"Until this situation is properly acknowledged, it just isn't possible to truly change the impact a teacher, a school, even an entire education system, can have on its pupils."
The academic, author of the book "Visible Learning", said the UK education system was not sufficiently geared towards teacher improvement, adding that the profession failed to sufficiently "rejoice" at evidence of improvement being made.
"Teachers too often live in their private worlds with teaching often done in front of classes not visible to colleagues," he said.
"And our studies show that the most high impact and passionate teachers are not always the most social in the staffroom."
Mary Bousted, general secretary of the Association of Teachers and Lecturers, insisted that teachers constantly "strived for excellence" but were hampered by a lack of on-the-job training and attacks from politicians.
"Teachers find their efforts to improve the quality of their teaching stymied by the low priority given to continuing professional development," she said.
"And teachers' morale is at rock bottom - damaged by wave upon wave of denigration by Michael Gove [the Education Secretary] and his acolytes.
"If the situation is to improve, teachers must become partners in the drive to improve education performance. After all, it is teachers who will make the difference - not politicians."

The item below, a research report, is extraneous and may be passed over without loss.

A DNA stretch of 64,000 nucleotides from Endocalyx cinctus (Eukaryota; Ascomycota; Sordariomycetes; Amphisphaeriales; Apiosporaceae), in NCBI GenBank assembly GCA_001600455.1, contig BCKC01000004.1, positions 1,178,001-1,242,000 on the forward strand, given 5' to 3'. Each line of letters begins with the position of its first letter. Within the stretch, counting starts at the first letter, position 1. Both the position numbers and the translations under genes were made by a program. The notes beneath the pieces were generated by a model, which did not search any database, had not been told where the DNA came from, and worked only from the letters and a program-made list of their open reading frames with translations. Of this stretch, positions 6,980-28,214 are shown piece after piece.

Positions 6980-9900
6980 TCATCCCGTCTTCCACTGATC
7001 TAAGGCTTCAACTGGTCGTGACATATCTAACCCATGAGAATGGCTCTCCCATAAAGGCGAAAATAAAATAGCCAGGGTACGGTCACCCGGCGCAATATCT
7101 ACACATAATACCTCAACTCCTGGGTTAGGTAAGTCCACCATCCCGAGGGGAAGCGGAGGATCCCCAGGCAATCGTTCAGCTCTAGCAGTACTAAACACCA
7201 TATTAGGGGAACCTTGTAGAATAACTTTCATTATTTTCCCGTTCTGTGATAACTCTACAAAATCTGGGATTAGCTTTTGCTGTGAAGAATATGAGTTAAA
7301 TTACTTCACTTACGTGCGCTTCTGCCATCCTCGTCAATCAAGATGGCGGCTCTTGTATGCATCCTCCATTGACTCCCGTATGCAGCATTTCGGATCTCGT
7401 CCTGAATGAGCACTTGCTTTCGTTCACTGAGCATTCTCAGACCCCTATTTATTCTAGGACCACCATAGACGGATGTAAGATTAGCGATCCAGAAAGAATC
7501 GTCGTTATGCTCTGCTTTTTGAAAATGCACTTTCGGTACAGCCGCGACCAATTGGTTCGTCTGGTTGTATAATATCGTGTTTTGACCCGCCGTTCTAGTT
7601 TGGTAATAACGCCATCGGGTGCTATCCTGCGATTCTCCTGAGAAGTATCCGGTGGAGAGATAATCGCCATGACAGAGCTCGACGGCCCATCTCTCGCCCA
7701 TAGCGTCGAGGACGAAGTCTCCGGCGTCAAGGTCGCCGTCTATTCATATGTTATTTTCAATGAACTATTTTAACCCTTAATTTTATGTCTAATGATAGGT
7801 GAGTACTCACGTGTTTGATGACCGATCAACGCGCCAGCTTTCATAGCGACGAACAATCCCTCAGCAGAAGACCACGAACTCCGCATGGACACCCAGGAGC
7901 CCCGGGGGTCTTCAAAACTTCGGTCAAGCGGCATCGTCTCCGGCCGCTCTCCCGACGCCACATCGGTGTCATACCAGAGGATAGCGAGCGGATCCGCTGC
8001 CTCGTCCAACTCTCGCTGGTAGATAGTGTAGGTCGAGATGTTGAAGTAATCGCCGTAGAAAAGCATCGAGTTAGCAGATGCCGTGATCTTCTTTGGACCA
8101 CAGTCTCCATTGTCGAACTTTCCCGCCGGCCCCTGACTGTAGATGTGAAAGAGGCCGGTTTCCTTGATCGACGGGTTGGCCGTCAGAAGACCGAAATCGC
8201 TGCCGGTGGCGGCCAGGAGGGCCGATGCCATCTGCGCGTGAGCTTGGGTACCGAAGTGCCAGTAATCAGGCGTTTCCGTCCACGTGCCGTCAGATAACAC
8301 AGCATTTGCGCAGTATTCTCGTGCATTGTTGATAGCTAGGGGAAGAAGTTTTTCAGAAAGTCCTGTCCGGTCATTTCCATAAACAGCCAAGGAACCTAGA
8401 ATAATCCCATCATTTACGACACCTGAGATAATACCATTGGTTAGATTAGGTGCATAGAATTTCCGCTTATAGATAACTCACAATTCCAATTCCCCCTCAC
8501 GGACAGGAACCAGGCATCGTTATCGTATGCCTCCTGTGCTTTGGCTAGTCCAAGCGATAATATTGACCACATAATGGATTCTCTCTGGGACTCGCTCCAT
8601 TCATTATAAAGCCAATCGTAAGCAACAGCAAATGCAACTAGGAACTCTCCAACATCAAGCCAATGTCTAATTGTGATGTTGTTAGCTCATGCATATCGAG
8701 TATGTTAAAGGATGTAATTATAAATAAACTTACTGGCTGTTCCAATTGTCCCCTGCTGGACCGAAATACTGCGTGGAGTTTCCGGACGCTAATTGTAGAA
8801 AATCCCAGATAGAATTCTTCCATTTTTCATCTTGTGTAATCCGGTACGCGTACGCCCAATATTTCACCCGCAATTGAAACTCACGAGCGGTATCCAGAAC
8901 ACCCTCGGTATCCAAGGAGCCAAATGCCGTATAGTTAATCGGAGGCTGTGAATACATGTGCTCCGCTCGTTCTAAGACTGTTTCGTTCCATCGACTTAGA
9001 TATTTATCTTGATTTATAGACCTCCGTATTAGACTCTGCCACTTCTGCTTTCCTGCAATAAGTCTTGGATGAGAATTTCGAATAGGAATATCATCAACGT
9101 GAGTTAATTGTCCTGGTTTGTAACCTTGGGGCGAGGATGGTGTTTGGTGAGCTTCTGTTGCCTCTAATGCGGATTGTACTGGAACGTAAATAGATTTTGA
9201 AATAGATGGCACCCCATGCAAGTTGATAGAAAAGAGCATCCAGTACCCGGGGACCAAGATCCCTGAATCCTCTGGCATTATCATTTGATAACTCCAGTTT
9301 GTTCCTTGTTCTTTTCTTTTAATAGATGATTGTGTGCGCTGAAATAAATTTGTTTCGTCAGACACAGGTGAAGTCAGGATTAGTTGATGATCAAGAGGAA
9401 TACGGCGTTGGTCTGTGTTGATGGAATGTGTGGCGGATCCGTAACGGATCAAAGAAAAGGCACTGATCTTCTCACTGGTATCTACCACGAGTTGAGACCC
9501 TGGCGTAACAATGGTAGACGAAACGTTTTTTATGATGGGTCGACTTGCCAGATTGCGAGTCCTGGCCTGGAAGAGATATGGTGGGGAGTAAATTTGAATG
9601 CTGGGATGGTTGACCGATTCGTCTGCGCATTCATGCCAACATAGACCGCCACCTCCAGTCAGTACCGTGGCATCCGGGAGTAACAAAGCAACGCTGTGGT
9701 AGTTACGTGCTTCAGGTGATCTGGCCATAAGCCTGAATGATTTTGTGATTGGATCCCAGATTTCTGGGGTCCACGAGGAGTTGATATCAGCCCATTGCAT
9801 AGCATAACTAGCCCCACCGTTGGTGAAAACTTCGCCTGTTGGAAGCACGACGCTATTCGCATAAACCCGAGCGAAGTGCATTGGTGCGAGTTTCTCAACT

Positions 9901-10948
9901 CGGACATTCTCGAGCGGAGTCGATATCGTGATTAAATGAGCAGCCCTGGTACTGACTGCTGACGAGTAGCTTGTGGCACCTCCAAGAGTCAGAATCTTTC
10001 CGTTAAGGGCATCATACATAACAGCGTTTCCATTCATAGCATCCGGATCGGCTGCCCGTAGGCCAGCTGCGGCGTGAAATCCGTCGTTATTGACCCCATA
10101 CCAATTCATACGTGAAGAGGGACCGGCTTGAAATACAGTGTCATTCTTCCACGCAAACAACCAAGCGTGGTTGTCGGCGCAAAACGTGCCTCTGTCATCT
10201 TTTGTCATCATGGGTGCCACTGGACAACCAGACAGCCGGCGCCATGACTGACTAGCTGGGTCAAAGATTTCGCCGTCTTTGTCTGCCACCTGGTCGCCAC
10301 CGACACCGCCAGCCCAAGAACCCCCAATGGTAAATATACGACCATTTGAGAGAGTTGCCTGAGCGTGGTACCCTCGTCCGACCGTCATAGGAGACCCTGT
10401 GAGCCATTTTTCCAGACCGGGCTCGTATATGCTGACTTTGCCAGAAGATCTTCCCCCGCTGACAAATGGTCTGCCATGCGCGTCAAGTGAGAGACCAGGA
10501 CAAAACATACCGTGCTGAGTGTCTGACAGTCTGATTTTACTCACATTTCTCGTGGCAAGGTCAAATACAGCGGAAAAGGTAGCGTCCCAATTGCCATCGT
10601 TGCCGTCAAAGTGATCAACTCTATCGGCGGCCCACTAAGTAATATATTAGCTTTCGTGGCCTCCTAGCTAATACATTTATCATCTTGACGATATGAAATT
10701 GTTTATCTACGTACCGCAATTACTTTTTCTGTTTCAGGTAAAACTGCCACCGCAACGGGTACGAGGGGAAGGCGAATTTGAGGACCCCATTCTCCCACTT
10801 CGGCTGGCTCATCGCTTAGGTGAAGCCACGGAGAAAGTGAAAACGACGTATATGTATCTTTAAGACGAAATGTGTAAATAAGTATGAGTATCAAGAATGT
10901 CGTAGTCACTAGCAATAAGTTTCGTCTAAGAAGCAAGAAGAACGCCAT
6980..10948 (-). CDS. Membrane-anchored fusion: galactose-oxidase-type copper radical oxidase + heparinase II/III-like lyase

Universities 'grossly distorted' by Government reforms
The higher education system is being "grossly distorted" by Government reforms to universities, a powerful coalition of academics and peers has warned.
Academic research and student teaching has been undermined by the sheer scale of "excessive, inefficient and hugely wasteful" regulations imposed on institutions, it was claimed.
The newly-established Council for the Defence of British Universities, which is being backed by 65 key figures, including Lord Bragg, Alan Bennett, Sir Simon Jenkins and Lord Rees, warned that the "very purpose" of a degree was under threat.
Students are increasingly being seen as "consumers" who are encouraged to invest in an undergraduate course to boost their earning prospects instead of developing their "intellectual and critical capacities to the full", the group suggested.
Particular criticism was levelled at the Coalition's decision to axe all direct state funding for arts, languages and humanities courses while continuing to subsidise science, technology, engineering and maths.
Sir Keith Thomas, the Oxford University historian and former president of the British Academy, said the move will have "unfortunate effects" and could lead to a decline in the study of subjects such as Chinese, Russian, German and French.